Photography: Hands on vs Academic

by Lexa Pennington /
Lexa Pennington's picture
Apr 17, 2013 / 0 comments

Degrees in the field of photography can be used to access almost any industry. Whilst it isn't a primary job for these industries, it will still get you into the industry you are interested in. What do I mean by this? Simply put, almost every industry requires a photographer, either for advertising or on a daily use basis. You can become a photographer and work with weddings, businesses, or even work with the army as a photographer for advertising and archiving purposes.


Due to its highly versatile nature, photography has started to become a large hit with both the modern generation, as well as with photography schools and colleges who specialize in it. This means that there are more classes and studies available for the aspiring photographer to attend, and eventually, gain their qualification.



So, with photography as one of the dying few trades that can be learned 'on site' and trained in on the job, is a degree in photography worth the paper it's printed on? Here are a couple of ideas to help you contemplate what a photography degree will, or will not assist you in:





1. Proof of Dedication

This is the case with most degrees today, it's a sign that you are dedicated to that industry or career, as well as the fact that you can handle yourself through four years (more or less) of college and studying. The degree shows to employers that you are passionate about this subject, and as such, will put you in a better spot light for your interview.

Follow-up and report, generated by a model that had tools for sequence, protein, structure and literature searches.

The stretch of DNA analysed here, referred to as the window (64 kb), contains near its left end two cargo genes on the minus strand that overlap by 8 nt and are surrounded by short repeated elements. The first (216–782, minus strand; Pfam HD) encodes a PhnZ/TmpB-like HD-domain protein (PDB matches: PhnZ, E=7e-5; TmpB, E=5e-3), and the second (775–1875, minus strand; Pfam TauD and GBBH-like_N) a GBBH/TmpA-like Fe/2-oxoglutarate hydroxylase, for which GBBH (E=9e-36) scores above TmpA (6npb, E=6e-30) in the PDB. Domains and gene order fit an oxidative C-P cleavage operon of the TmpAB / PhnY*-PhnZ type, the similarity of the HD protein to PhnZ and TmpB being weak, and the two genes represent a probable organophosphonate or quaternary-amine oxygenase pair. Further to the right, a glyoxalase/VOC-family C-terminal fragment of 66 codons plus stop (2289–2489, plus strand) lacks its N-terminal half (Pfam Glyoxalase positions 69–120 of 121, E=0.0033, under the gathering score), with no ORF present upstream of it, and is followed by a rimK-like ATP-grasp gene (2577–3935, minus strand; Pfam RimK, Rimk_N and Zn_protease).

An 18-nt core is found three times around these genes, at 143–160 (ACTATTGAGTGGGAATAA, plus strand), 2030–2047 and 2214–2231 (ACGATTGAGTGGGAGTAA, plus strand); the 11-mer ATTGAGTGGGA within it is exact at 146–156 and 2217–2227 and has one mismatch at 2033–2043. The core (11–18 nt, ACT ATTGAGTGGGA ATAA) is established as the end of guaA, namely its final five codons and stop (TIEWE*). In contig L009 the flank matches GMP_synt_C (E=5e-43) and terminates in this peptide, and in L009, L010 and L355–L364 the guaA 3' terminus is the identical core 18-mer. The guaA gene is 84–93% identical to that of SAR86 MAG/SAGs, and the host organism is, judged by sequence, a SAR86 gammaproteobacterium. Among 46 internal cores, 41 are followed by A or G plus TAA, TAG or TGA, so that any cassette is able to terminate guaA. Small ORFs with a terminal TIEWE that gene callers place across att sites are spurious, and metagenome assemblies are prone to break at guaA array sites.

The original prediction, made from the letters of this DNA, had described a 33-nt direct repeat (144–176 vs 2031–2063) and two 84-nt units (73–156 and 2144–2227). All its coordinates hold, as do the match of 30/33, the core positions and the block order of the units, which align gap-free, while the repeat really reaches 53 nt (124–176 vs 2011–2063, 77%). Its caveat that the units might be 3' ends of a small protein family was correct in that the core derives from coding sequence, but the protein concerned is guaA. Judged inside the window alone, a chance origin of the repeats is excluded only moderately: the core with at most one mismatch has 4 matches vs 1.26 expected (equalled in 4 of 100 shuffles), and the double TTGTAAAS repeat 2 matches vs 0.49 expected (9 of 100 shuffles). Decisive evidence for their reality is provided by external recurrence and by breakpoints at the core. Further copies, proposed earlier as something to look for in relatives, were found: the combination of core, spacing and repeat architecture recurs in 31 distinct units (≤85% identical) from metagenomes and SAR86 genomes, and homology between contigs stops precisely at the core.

2. Information

Whilst the hardcore scientific and mathematical academics may look as photography as a 'serious' degree to complete at college, they are happily oblivious to the science needed behind every picture taken. Photography is more than taking a snapshot and publishing it; the background planning and setting up in fact takes a lot more time than people usually think.





Karen Sheperdson, a principle lecturer at a popular university in the UK has argued that without a degree in photography, you do not receive the science behind each image, nor the technological theory. As such, on the job experience may very well be cutting you short of some vital to know information.





Does obtaining a degree grant you access to the best that photography can offer? Unfortunately not; still, photography can be based on skill as well as academia. This means that the potential competition is substantially more than if it was only accessible by academic students of the subject.





However, it has been argued by Karen Sheperdson that obtaining a degree can sheer off up to 10 years worth of otherwise necessary experience as a photographer assistant, which can lead to a faster career ladder to the well paid jobs, such as Portrait Artist or Wedding Photographer.




Showing talent in the form of experience and freelancing whilst studying can bring you the best of both worlds. Building up both your academic and hands on portfolio is highly recommended, so that when presented with an interview for a potential employer, you can show you have the skills required. This can give you a huge boost into the higher paying wage brackets that can be found in this industry.